Craig Revel Horwood speaks out on Anton Du Beke's retirement 'You don't want to do it!'

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    In a couple of week’s time, Craig Revel Horwood will return and sit alongside Shirley Ballas and Motsi Mabuse for the 2020 series of Strictly Come Dancing. Speaking about his return, as well as his debut novel, the judge discussed a character which he had based on himself. During a discussion with the panel of ITV’s Loose Women, the choreographer revealed how he felt when he made the move from dancing to directing and gave his advice for fellow Strictly alumni Anton Du Beke. 

    “Can you believe, 16 years ago, it all started!” Christine Lampard began. “And in those early days, you and Len [Goodman] thought it would only last a couple of weeks!”

    “Yes, we did, we literally gave it three weeks, we didn’t think anyone at all would be interested in Ballroom dancing and especially celebrities who couldn’t dance with professionals who had been dancing all their lives!” He replied. 

    “How wrong! It’s broken the Guinness Book of World Records for the most produced format in the World.” 

    Nadia Sawalha asked: “How were you treated back then in the first series, because now you’re all megastars?”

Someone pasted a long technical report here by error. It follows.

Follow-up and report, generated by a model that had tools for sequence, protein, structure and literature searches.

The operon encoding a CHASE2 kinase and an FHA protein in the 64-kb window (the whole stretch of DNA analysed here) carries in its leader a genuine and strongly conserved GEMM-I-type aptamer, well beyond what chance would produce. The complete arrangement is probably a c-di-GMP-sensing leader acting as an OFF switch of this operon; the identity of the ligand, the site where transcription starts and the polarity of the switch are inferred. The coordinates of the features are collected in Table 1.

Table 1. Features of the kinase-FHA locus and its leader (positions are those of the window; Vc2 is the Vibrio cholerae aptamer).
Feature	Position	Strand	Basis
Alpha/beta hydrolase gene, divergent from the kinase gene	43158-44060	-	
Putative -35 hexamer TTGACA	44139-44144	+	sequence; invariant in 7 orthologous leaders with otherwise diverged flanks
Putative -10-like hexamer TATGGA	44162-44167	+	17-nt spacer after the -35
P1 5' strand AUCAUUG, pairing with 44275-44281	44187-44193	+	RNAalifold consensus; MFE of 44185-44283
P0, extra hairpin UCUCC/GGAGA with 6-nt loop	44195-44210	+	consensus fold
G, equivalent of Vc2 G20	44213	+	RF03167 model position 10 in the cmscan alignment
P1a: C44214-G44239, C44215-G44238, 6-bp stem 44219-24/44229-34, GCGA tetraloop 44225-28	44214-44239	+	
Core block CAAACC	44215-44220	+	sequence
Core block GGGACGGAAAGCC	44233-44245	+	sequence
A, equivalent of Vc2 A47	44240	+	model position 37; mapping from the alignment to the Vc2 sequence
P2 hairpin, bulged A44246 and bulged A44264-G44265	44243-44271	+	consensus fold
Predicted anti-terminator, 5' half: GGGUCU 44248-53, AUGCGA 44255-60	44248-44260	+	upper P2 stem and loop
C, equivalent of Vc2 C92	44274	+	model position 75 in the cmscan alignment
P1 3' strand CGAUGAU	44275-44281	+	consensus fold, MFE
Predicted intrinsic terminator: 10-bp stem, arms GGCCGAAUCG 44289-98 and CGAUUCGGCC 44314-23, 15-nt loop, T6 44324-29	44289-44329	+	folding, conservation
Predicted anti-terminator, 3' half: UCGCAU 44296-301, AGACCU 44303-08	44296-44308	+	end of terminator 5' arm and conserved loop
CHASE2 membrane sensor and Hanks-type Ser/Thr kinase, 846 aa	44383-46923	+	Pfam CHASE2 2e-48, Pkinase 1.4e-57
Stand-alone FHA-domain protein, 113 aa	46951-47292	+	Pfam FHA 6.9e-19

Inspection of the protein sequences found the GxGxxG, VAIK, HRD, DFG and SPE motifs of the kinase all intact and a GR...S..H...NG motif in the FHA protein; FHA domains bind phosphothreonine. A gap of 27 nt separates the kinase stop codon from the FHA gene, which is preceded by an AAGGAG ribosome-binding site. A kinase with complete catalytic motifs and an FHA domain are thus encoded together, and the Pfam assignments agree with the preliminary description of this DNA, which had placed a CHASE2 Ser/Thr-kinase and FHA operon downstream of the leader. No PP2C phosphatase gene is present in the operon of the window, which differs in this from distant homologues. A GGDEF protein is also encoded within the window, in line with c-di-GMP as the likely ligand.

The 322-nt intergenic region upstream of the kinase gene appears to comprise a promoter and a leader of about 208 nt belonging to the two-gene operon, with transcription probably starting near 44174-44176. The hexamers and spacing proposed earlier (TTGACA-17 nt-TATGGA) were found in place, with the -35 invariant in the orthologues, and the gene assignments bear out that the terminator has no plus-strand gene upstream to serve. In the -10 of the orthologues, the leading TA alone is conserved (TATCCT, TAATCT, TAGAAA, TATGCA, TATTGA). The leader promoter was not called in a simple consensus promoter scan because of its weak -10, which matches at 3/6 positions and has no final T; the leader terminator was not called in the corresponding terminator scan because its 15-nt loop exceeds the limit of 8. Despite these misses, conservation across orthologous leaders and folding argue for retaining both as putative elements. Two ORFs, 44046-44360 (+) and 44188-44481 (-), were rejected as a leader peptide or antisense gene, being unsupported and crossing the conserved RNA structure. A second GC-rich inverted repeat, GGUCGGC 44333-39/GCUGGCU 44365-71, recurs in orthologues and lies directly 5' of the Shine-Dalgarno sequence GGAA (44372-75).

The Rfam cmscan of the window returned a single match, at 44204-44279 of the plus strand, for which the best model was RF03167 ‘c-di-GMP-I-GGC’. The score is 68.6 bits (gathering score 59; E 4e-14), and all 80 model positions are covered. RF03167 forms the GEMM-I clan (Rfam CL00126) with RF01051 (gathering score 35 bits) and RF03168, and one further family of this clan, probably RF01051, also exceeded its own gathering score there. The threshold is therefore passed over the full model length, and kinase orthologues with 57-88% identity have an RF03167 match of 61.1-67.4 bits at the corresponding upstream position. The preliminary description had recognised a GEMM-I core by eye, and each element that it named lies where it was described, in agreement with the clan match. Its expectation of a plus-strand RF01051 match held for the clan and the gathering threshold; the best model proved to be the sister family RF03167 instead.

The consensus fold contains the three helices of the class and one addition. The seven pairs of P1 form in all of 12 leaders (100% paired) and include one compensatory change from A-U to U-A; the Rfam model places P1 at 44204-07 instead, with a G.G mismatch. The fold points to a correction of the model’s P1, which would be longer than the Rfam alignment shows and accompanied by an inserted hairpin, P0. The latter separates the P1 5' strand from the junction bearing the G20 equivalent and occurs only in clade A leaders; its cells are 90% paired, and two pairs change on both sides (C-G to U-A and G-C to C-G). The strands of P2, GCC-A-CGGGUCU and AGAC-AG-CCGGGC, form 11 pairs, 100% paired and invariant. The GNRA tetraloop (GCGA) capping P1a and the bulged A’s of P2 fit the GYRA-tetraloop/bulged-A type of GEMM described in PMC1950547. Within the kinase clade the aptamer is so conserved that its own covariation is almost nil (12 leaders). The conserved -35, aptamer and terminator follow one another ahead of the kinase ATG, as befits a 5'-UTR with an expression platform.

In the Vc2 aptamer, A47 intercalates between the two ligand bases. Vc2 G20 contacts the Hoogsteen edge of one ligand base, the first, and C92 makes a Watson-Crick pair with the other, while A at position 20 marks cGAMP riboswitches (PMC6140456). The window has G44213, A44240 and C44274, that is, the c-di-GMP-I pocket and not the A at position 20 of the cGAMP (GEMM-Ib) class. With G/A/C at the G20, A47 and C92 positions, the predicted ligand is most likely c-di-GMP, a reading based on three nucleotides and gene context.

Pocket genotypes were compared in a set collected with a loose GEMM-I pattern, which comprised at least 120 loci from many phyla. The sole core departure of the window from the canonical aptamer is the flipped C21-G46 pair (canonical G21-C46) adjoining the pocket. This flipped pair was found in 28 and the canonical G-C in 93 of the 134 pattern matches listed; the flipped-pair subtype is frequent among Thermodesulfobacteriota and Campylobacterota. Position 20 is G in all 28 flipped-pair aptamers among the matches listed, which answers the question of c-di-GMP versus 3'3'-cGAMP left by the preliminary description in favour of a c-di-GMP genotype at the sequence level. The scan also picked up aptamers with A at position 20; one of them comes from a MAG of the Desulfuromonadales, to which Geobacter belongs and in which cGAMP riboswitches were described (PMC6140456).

READ MORE: Ruth Langsford brings Loose Women to a halt with wardrobe blunder

    “I enjoyed it!” Craig said. “It was a brand new thing, we were making it up as we went along. 

    “The first show was scripted from our auditions and then they dumped that idea because it was better to react to the dancers as we felt necessary – and that’s how it’s been since. 

    “Every year that I come back to it, I’m loving it – it’s a change of cast. 

    “I was in the West End for a long time as a dancer, and when the cast changed it felt like a brand new production, so I never get bored of it. 

    “Now just in case we lose you again, I want to talk about your new book.” Christine said. 

    “It’s your first novel, loosely based on your life and coming to London…” 

    “I’m certainly one of the character’s in it called Danny; who us a dancer making the transition into a choreography and direction – and what that process is like,” Craig remarked. 

    “Hanging up your dance shoes is not an easy thing. 



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